Beginning with this post, I'm backtracking to fix that goof-up. First are a pair of cards that Cardboard Junkie Dave sent me as part of his Christmas giveaway (there were also some cool Orioles cards and 1982 Topps set needs in that package). I can't imagine what poor Ray Sadecki did to deserve that Sharpie black eye, but you can bet that he won't do it again!
Fun facts about Ray Sadecki:
-A Kansas Citian (sure, that sounds good) by birth, Ray signed as a bonus baby with the Cardinals in 1958.
-As a 19-year-old rookie in 1960, he went 9-9 with a 3.78 ERA and three-hit the Reds for his first major league win.
-Was even better in his second look at the N.L., going 14-10 with a 3.72 ERA and a career-best 13 complete games. The biggest hole in the youngster's game was a tendency to walk batters (4.5 BB/9 IP in 1960-1961).
-After back-to-back substandard years, Sadecki came on strong for the World Champion Redbirds in 1964: a team-best 20 wins (with 11 losses), a 3.68 ERA, and a Game 1 victory over Whitey Ford in Ford's final World Series game.
-On fifteen separate occasions in his career, he struck out double-digit batters, including a high mark of 13 in two different games.
-Suffered a few indignities in 1966. On July 3, he homered off of Braves pitcher Tony Cloninger, but also surrendered a grand slam to Cloninger, the second hit by the Atlanta hurler in the game. That season, Ray also became the only pitcher to be taken deep twice by walking punchline Bob Uecker!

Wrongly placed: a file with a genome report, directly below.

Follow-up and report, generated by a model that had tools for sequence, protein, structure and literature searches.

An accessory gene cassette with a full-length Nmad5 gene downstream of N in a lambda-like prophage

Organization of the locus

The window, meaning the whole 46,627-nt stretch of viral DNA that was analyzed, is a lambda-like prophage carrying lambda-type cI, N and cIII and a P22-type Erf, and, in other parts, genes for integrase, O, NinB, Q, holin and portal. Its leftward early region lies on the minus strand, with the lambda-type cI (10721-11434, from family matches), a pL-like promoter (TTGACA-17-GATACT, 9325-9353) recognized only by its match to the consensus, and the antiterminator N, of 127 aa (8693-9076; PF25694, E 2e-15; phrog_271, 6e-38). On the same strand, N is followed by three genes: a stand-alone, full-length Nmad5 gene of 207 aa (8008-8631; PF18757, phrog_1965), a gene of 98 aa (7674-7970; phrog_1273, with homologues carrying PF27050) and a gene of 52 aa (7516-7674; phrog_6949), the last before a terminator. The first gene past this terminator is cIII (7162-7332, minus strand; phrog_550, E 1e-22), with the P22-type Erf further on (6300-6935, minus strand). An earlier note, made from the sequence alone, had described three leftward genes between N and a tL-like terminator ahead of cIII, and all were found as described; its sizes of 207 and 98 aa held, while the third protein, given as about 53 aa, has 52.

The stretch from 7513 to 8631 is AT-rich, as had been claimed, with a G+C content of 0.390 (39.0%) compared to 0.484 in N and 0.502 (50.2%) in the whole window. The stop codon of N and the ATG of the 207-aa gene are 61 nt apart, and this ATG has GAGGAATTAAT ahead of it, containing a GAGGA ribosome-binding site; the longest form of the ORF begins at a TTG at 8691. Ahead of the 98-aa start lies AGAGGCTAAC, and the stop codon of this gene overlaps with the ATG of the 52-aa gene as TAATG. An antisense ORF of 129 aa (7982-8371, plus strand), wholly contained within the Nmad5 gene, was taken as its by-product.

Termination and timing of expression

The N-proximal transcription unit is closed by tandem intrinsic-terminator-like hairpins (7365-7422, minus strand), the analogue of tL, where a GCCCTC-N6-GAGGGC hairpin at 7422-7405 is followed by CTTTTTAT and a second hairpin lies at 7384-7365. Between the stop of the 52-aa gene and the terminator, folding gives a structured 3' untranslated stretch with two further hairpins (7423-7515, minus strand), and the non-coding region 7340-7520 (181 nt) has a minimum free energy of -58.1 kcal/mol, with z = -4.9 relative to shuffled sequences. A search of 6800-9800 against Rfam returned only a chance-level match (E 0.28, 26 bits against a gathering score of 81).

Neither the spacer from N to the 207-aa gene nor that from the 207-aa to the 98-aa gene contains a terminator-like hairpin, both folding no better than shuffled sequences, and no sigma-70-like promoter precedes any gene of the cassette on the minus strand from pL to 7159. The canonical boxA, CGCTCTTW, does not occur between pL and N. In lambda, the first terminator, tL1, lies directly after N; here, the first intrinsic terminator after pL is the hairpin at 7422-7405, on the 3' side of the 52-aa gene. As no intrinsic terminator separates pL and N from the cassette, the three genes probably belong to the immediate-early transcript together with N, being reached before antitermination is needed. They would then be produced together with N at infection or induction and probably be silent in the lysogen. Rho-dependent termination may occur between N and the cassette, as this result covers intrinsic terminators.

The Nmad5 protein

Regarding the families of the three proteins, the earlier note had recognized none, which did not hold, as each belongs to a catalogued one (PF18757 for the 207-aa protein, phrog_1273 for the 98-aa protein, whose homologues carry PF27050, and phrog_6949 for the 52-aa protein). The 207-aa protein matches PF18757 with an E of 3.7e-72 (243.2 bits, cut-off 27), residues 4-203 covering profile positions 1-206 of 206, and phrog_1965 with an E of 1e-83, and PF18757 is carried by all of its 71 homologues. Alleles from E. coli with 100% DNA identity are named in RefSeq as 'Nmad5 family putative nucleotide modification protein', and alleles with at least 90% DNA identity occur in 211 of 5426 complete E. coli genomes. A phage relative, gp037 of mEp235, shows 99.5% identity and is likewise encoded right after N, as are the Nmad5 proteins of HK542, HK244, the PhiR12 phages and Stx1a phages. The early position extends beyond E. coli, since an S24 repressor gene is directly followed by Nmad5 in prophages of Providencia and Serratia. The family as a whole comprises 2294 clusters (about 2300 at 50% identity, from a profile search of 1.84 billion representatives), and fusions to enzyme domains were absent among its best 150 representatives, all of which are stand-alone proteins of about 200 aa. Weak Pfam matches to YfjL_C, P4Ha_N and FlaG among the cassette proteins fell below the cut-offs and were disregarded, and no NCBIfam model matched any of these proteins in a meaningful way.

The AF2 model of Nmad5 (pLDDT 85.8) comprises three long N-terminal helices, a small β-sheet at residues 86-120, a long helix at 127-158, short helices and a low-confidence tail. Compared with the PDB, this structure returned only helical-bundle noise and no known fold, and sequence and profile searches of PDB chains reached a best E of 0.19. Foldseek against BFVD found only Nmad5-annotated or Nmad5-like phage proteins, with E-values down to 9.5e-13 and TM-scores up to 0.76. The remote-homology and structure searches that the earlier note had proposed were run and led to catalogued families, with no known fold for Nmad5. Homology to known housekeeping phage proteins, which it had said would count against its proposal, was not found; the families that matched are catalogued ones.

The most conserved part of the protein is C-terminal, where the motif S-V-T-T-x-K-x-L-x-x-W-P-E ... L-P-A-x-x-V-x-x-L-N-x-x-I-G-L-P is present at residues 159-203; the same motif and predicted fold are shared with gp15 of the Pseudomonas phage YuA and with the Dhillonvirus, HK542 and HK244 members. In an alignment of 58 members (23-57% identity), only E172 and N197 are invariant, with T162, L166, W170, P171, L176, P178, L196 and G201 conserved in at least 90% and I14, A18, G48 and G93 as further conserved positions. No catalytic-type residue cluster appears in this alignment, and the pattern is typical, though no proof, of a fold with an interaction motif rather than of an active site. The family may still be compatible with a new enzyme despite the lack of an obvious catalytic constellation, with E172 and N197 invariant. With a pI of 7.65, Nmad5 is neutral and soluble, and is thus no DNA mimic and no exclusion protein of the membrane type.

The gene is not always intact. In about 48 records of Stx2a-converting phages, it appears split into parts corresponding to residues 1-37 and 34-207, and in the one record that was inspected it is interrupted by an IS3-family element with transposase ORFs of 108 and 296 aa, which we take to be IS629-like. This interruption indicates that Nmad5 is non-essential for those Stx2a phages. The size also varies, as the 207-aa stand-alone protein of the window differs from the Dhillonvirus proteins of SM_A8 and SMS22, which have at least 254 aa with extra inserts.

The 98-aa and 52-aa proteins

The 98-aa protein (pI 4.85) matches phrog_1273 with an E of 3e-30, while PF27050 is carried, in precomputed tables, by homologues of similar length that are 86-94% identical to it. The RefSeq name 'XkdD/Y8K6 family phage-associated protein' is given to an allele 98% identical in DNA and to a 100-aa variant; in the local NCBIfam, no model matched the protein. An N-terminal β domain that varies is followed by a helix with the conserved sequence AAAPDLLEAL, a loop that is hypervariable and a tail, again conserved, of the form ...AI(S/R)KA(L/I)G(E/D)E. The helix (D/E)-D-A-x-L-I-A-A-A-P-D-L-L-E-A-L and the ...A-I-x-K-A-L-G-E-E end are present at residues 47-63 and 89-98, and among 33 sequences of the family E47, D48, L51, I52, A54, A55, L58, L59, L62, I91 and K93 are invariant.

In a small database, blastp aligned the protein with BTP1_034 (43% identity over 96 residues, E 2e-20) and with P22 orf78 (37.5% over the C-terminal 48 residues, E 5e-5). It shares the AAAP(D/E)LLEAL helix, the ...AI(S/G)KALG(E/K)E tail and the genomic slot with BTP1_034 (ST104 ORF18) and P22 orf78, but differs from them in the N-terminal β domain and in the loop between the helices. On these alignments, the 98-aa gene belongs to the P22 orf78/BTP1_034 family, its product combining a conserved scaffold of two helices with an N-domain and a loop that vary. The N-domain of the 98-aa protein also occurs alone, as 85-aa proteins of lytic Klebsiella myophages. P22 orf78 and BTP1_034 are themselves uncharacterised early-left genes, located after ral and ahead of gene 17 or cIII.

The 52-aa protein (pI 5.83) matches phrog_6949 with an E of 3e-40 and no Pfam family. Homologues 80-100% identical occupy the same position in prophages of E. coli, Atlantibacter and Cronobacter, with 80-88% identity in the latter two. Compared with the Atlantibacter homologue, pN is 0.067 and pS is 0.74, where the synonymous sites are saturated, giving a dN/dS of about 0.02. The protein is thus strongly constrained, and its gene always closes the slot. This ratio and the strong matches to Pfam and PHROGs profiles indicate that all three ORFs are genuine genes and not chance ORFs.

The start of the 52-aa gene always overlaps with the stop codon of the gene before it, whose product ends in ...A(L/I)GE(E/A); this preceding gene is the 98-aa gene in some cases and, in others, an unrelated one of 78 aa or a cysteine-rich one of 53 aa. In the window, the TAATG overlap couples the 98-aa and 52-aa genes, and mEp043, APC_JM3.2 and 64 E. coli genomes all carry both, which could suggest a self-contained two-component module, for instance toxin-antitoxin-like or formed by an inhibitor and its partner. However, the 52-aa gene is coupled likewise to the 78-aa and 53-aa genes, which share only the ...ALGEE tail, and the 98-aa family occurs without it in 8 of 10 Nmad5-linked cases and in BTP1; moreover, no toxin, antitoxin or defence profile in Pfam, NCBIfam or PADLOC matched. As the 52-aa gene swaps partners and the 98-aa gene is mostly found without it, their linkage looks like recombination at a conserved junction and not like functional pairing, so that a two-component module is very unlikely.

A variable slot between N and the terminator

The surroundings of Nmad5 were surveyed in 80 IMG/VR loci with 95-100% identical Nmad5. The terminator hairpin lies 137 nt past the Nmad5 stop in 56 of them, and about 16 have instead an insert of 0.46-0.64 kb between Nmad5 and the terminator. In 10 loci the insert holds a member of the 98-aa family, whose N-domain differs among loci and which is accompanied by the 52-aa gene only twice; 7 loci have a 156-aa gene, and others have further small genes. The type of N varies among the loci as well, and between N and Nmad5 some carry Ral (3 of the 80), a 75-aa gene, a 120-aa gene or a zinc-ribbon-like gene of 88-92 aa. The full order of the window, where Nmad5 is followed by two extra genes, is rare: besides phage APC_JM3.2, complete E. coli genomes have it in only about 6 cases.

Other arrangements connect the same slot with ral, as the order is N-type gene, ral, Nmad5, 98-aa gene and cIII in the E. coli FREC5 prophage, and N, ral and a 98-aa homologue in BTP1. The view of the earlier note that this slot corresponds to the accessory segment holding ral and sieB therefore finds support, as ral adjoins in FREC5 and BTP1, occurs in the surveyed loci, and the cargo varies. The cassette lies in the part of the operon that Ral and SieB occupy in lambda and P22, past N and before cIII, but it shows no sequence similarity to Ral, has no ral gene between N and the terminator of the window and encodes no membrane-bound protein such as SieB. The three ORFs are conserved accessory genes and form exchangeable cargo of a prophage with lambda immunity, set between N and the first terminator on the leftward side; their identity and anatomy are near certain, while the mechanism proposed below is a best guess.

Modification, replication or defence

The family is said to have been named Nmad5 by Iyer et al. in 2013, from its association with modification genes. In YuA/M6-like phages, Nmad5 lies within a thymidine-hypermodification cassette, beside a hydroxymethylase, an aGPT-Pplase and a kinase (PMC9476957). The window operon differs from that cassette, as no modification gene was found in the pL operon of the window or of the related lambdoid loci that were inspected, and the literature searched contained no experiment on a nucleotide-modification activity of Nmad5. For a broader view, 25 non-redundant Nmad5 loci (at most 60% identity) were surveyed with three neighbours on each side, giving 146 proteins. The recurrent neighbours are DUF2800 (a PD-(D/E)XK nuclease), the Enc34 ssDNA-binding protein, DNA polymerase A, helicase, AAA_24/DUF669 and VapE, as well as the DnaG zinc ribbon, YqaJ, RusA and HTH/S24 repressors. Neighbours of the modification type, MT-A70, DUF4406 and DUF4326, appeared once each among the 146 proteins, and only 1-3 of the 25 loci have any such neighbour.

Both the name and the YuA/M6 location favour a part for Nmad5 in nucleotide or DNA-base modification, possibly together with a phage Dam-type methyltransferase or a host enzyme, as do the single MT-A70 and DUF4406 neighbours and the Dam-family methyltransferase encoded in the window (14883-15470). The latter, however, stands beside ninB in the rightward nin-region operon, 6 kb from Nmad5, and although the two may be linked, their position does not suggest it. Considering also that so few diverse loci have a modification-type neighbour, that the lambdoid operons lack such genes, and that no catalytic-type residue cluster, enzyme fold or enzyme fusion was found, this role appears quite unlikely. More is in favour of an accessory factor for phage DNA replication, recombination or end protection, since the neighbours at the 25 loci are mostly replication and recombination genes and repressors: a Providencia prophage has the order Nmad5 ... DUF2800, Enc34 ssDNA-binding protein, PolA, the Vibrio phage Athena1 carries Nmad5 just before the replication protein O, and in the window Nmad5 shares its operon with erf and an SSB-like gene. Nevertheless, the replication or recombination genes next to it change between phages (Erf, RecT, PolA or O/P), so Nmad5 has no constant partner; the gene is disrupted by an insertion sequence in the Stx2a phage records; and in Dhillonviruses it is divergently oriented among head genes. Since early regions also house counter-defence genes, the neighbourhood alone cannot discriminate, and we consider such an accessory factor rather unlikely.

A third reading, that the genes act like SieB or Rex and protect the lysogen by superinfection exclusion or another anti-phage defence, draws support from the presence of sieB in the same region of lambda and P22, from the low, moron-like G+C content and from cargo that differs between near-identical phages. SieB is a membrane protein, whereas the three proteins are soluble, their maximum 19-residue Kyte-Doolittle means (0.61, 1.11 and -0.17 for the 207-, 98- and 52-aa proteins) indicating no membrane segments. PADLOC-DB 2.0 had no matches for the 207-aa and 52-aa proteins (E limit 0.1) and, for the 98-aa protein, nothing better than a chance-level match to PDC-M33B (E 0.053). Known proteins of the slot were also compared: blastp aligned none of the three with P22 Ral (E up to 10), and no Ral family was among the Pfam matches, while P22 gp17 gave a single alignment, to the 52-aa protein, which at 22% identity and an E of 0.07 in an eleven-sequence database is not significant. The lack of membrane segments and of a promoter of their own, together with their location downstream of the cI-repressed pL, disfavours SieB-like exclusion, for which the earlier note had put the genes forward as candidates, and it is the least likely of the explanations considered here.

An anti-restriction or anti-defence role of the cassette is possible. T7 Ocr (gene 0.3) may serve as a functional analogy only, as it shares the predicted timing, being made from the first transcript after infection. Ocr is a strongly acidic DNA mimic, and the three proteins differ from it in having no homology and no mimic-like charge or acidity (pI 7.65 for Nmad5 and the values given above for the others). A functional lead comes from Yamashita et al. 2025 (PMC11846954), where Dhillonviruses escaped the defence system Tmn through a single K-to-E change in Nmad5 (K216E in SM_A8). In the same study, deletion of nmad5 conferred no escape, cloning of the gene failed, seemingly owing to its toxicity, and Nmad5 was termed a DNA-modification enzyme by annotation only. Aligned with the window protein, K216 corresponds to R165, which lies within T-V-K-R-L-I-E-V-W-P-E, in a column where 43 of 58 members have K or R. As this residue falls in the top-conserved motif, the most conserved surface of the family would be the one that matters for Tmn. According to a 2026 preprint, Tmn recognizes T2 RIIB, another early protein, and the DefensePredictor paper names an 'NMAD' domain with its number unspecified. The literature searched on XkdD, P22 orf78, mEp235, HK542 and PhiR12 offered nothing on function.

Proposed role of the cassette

-Ray pitched his way out of St. Louis with an 8-16 mark in 1965 and early 1966, eventually being swapped to the Giants for Orlando Cepeda. The change of scenery benefitted the southpaw, who posted his two best ERA seasons in 1967 and 1968 (2.78 and 2.91). He went 12-6 and 12-18, respectively, leading the league in losses in the latter season despite his strong effort.
-Spent five years as a valuable swingman for the Mets (1970-1974), posting a 30-24 record with a 3.34 ERA. Allowed one run in four relief appearances in the 1973 World Series, nailing down a save in New York's Game Four win over the A's.
-Racked up frequent flyer miles in his last three seasons in the majors, playing for five different clubs: St. Louis again, Atlanta, Kansas City, Milwaukee, and the Mets once more. In his eighteen-year career, he won 135 games, lost 131, completed 85, hurled 20 shutouts, and pitched to a 3.78 ERA.
-A few highlights since Ray called it a day: he was a coach for the Cubs' A-ball team in Peoria in 1992; a Little League field in his hometown of Kansas City was renovated and named in his honor in 2002; and he was inducted into the Polish-American Sports Hall of Fame in 2007.